Canadian film

The Vindicator

vindicator_movie_posterFilm School Rejects dismissed The Vindicator as  a”formless blob…a RoboCop ripoff.” We’re not hear to um, vindicate it, but it’s worth noting that this on-the-cheap Canadian techno-action-thriller predates the Paul Verhoeven film by a year and a half…

And it’s not like RoboCop doesn’t share stuff in common with early comic versions of Judge Dredd.

However, there are key differences between RoboCop and this film: boom mics in the frame, Canadian production values, tenebrous cinematography that resembles Bruno Mattei in his sub-prime, and the fact that RoboCop is still in print…

In The Vindicator, ARC is a sinister corporation, headquartered in an unnamed city, but which fans of tax shelter Canadiana will instantly recognize as Montreal. They’re developing “rage program” serum being tested on chimps (and we’ve seen that movie before! That’s Monkey Shines/Link/Shakma territory, primate-run-amok films which have made monkeys of us in the past).

However, being evil and all, ARC Corp does have other stuff in the innovation pipeline: a super high tech space suit, but more interestingly, Japanese technology which suspends grey matter in an oxygenating fluid to keep it viable. When a lab explosion claims the life of rockstar scientist Carl Lehman (who’s certainly no layman) ARC’s top-dog Alex Whyte figures they’ve got a recently still-warm body to test out their technology.

vindicator_movie_Now, if you weren’t already aware of the similarities to Frankenstein, The Vindicator pummels you over the head with it, as the evil corporation’s venture is none other than “Project Frankenstein.”

That won’t arouse suspicions at all!

The company builds Carl a cyborg body, and tries to re-animate him with rage serum, with a remote control safeguard. Unfortunately, there’s a short circuit..and a big fire! The gold lamé space suit burns away, leaving this proto-RoboCop looking somewhat less like an Austin Powers villain.

Cyborg Carl escapes…high-tails into an alley, beats up a bunch of Francophone motorcycle toughs, before being chased into a scrapyard, where in the sunny light of day…his form is fully revealed…not the sleek chassis we’ve come to associate with Peter Weller, but…a kind of rusted, jalopy Swamp Thing.

The Vindicator is sorta dull, but the presence of the ever-gorgeous Pam Grier helps as Hunter, a kendo stick-wielding assassin.

**1/2 (out of 5)

Dead Ringers

dead_ringersLong before the Winklevoss twins unfriended Mark Zuckerberg, David Cronenberg introduced us to these scheming monozygotes —  the gynegologist duo Bev/Elliot in Dead Ringers.

We’re all fascinated by twins, whether it’s the charming movie of the same name with Messrs De Vito and Schwarzenegger or the ditsy Vegas girls from The Bachelor.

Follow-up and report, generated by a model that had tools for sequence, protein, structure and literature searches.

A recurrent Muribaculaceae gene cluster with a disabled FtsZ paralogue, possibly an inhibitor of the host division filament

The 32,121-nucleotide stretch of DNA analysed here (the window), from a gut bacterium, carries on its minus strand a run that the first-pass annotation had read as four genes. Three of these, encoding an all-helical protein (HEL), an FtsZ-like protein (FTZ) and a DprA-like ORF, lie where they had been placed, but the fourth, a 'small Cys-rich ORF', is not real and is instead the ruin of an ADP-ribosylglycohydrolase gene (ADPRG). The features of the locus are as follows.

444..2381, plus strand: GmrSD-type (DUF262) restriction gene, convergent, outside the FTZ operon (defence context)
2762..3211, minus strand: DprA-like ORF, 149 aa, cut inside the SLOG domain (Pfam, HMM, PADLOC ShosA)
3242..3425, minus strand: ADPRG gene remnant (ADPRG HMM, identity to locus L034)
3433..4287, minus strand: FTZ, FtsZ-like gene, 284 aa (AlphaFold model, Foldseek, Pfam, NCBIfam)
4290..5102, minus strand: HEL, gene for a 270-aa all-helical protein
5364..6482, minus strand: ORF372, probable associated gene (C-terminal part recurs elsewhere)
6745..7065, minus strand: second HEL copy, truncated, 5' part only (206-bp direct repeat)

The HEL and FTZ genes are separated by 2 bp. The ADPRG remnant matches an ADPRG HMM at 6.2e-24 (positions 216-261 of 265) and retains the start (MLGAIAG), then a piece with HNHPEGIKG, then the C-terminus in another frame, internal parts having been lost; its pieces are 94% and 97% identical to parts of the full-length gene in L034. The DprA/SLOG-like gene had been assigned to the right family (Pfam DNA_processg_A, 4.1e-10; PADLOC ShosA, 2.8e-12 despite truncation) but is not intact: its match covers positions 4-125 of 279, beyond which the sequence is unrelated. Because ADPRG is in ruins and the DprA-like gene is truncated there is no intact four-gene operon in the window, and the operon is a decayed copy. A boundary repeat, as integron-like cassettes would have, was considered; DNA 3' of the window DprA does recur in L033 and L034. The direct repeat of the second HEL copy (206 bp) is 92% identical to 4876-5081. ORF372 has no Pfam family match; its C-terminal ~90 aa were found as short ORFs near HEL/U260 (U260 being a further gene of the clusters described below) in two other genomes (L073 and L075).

According to a study in the American Journal of Obstetrics and Gynecology, in 2006, the rate of twin pregnancies in the United States was 32 per 1000 births. It’s rare and it’s genetic, but it’s their use in nature/nurture studies that probably piqued Cronenberg’s interest, what with his background in the biological sciences.

Like Cronenberg’s early horrors, Dead Ringers is a mutant movie, in this case, “mutant women” treated by a team of twin brother gynecologists, the Doctors Mantle, who operate out of a high-tech Toronto clinic where their surgical team dress like Spanish Inquisitors in showy red robes.

And only someone like David Cronenberg could explore the dark side of the twin phenomenon and make it great fiction fodder, teasing apart the subtle behavioral differences between the doctor twosome, Bev and Elliot, who share 100% of their DNA. (It’s a tour-de-force performance by the icy Jeremy Irons, whose name humbled would-be anagram-ist Lisa Simpson, not to mention a great technical cinematic achievement by Cronenberg “separating” the two Irons, as it were.)

One the docs has designed a solid gold “retractor”: a creepy instrument that he wants to take from the coroner’s table to the gynecologist’s chair.

And they date the same women surreptitiously (obviously the most fun you can have as a twin) while abusing drugs and alcohol.

dead-ringers-movieOne of these women, Claire Niveau, is a small time TV actress (played terrifically by Geneviève Bujold), a “mutant” possessed of a “trifurcated cervix,” most likely making her infertile.

Elliot, much like he does with his other patients, attempts to seduce her, then passes her off to his meeker brother.

As Elliot’s drug abuse begins to take more of a toll, he commissions a local artist to cast experimental gynecological implements out of metal, and that’s where Cronenberg really turns his horror obsessions inward.

Roger Ebert back-hand complimented Dead Ringers as “a collaboration between med school and a supermarket tabloid.”

And it’s as clinical as Cronenberg’s ever been, but given the circumstances, with good reason.

***1/2 (out of 5)

[CHECK OUT OUR PODCAST OF CRONENBERG’S THE FLY]